And in choosing the option of theatrical effect and the spectacle over voice, McQueen's film is not true to the spirit of the book. The lie replaces the true.
But the betrayal of Northup's spirit extends into fabrications of the actual text that McQueen finds it necessary to introduce. When Solomon regaining his freedom, returns home after his 12 years, the film represents that his wife Anne has remarried and her new husband is with her when she greets Solomon. This is not in the book. In the book Northup writes that when she heard he had returned, his wife Anne ran home from work into his arms.
There are many ways of honouring truth: literalism is but one. It can be honoured in the word in the spirit in the practice in the structure. McQueen chooses none of these. He seems to have taken a road in the development of his scenario in which piece by piece what is true in Northup's book has been gradually discarded. All that remains is pastiche soap opera. In which case why lay claim to Northup's work? Instead like Tarantino, fashion your own Slave story script and do what you want with it ! Make it film that panders to whatever values of history, history of film and entertainment and indulge whatever anachronisms you want: have your escaped slave call home on a mobile.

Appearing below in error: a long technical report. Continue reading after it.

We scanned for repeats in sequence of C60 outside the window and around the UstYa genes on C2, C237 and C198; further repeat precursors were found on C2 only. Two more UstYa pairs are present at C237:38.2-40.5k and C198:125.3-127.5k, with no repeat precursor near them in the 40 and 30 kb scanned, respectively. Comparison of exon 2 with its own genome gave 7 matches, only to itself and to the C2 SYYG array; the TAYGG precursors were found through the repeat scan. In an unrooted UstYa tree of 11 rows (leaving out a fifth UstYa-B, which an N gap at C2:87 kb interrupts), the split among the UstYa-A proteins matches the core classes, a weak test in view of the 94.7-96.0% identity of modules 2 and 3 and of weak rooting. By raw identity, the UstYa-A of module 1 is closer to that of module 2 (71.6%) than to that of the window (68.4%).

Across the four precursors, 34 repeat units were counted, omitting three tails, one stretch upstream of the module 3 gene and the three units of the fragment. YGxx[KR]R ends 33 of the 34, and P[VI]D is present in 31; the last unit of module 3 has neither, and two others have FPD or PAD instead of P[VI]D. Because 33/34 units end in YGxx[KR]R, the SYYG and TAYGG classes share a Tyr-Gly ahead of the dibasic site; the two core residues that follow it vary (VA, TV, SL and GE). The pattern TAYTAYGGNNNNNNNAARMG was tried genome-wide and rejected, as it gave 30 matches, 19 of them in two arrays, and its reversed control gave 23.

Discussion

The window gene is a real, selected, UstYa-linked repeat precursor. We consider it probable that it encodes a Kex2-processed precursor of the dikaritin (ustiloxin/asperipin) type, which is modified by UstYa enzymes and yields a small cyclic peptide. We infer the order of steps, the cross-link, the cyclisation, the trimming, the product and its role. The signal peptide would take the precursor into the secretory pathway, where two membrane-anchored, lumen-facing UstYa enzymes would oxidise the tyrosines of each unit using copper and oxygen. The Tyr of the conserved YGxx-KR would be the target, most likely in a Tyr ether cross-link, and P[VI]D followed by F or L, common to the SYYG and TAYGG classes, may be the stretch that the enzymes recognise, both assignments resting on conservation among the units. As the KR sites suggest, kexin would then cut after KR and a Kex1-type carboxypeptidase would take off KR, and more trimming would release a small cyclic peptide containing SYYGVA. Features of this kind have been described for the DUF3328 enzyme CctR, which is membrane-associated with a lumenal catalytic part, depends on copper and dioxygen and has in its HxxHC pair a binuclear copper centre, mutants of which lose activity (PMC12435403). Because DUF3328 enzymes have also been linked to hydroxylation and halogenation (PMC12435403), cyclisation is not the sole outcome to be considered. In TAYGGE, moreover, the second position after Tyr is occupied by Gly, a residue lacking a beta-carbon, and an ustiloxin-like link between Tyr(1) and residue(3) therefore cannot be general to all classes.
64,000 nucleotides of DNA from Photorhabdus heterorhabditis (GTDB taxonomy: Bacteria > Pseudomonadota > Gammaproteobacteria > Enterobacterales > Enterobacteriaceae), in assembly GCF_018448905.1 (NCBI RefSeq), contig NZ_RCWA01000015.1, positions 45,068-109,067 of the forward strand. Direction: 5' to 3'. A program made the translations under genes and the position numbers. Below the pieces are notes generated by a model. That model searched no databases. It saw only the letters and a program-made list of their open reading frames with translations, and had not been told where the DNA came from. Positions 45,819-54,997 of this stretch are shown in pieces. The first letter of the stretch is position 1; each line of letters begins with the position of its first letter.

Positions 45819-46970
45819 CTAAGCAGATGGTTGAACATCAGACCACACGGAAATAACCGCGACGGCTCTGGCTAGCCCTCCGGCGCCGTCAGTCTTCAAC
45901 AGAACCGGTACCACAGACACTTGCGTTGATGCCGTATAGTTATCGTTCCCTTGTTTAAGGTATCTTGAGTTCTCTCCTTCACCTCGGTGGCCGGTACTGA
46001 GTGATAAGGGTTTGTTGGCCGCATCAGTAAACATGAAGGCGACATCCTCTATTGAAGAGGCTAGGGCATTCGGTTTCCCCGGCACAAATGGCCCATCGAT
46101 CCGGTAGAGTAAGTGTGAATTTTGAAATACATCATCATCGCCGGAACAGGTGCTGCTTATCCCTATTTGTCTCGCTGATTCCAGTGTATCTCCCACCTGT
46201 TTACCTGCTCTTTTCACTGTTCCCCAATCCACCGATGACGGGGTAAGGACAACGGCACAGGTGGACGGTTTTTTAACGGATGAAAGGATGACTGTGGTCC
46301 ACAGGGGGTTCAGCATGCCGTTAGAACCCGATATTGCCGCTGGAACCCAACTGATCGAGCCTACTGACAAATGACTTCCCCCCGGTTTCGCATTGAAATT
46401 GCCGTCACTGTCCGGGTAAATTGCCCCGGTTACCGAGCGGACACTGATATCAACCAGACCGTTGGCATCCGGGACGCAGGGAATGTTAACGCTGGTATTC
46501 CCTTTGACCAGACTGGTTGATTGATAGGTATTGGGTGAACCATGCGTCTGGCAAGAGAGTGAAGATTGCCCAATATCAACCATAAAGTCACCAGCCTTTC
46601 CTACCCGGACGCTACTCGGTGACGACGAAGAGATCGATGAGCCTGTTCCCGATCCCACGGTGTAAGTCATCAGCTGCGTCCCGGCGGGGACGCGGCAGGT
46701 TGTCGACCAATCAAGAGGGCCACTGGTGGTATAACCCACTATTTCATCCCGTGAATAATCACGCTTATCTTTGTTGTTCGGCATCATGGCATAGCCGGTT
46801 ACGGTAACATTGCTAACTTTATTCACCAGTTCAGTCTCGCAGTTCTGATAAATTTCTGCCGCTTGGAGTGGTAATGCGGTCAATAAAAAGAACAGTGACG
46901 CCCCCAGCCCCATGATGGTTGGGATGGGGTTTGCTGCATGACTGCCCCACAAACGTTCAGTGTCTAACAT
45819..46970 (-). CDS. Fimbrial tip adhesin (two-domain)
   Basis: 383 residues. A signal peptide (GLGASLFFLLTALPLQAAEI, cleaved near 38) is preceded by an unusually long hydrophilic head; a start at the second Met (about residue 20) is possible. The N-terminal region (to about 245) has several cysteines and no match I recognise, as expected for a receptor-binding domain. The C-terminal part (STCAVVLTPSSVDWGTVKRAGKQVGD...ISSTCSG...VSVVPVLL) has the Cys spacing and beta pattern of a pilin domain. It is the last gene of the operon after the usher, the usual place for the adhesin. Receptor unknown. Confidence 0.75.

In this scenario of '12 Years': the lie replaces the truth.